Foreign Policy Blogs

Getting Lost Trying to Quantify Corruption

Getting Lost Trying to Quantify CorruptionLast week the New York Times exposed that Wal-Mart de Mexico bribed local officials $24 million to hurry permitting for new stores. Most of the subsequent reportage has focused on stateside implications for Wal-Mart, which may include violations of the Foreign Corrupt Practices Act. The company’s stock is down over 7% since the story broke.

Panning out, Time economics editor Rana Foroohar took a stab at the relative cost of corruption around the world, noting in her column an anecdote that, “In China, you might pay 20 cents on the dollar to get your project done, and it will get done quickly. In India, it’s 40 cents, and it will get done in a few years. In Russia, it’s 80 cents—and you may get shot before it gets done.”

But why do we always try to quantify corruption? Transparency International’s Corruption Perceptions Index is the most thorough attempt at this, but the organization admits its methodology is, well, based on “perception”—never mind that it looks at public not private sector corruption.  My first objection is that corruption is by definition a shadowy enterprise; it is typically extralegal if not downright illegal, and so any attempt to quantify a sum merely wraps subjectivity in the cloak of scientific authority.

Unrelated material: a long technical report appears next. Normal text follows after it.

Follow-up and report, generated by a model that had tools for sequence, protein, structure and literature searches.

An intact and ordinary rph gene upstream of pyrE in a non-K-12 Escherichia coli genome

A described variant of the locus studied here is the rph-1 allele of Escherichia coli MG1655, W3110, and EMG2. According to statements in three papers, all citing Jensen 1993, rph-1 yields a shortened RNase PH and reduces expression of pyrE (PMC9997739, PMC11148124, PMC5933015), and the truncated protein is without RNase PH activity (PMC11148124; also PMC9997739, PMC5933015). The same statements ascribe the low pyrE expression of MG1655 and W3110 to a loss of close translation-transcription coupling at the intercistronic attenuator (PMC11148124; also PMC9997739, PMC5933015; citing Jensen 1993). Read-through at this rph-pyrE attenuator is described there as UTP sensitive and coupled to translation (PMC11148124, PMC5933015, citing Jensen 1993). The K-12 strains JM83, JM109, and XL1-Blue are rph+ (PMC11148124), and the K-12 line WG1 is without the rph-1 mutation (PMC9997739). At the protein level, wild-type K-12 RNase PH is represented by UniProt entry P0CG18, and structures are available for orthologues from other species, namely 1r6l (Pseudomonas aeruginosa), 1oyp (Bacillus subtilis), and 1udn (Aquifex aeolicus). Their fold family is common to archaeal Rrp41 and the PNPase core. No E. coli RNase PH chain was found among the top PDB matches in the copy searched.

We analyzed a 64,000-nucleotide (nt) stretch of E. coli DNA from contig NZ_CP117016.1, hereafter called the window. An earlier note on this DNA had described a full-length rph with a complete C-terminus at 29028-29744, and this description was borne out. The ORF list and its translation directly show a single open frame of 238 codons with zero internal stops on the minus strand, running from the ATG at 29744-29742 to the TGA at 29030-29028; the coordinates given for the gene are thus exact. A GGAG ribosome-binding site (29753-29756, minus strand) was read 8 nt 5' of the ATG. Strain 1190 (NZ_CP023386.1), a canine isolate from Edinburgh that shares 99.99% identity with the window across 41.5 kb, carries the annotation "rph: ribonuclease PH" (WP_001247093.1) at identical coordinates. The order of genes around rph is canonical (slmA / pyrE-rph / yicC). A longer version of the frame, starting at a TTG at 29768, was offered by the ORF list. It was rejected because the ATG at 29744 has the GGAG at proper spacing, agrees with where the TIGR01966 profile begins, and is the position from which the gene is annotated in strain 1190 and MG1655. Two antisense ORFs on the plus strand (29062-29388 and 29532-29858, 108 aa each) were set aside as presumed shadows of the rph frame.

Second, our preoccupation with quantifying corruption masks draws important qualitative distinctions. Consider counterfeiting, which thrives in large part because of government’s willingness to look the other way when it comes to enforcing intellectual property rights. A 2010 survey by the American Chamber of Commerce found that more than half of the pirated goods bought by Mexicans were music CDs. By contrast, in 2009 counterfeit malls in the cities of Nanjing and Shenzhen gained international media attention, as did a plethora of fake Apple stores. Fake aircraft equipment, cell phones, laptops and other tech devices are hocked in China, and exported. Anyone who cares to go to Ebay can readily glean that India is a world leader when it comes to the manufacture of knock-off veterinary medicine.

So, why don’t we give less stock to trying to quantify this illicit phenomenon, and instead try to stamp out those corrupt practices that pose a serious threat to society?








Sean Goforth

Sean H. Goforth is a graduate of the University of North Carolina-Chapel Hill and the School of Foreign Service at Georgetown University. His research focuses on Latin American political economy and international trade. Sean is the author of Axis of Unity: Venezuela, Iran & the Threat to America.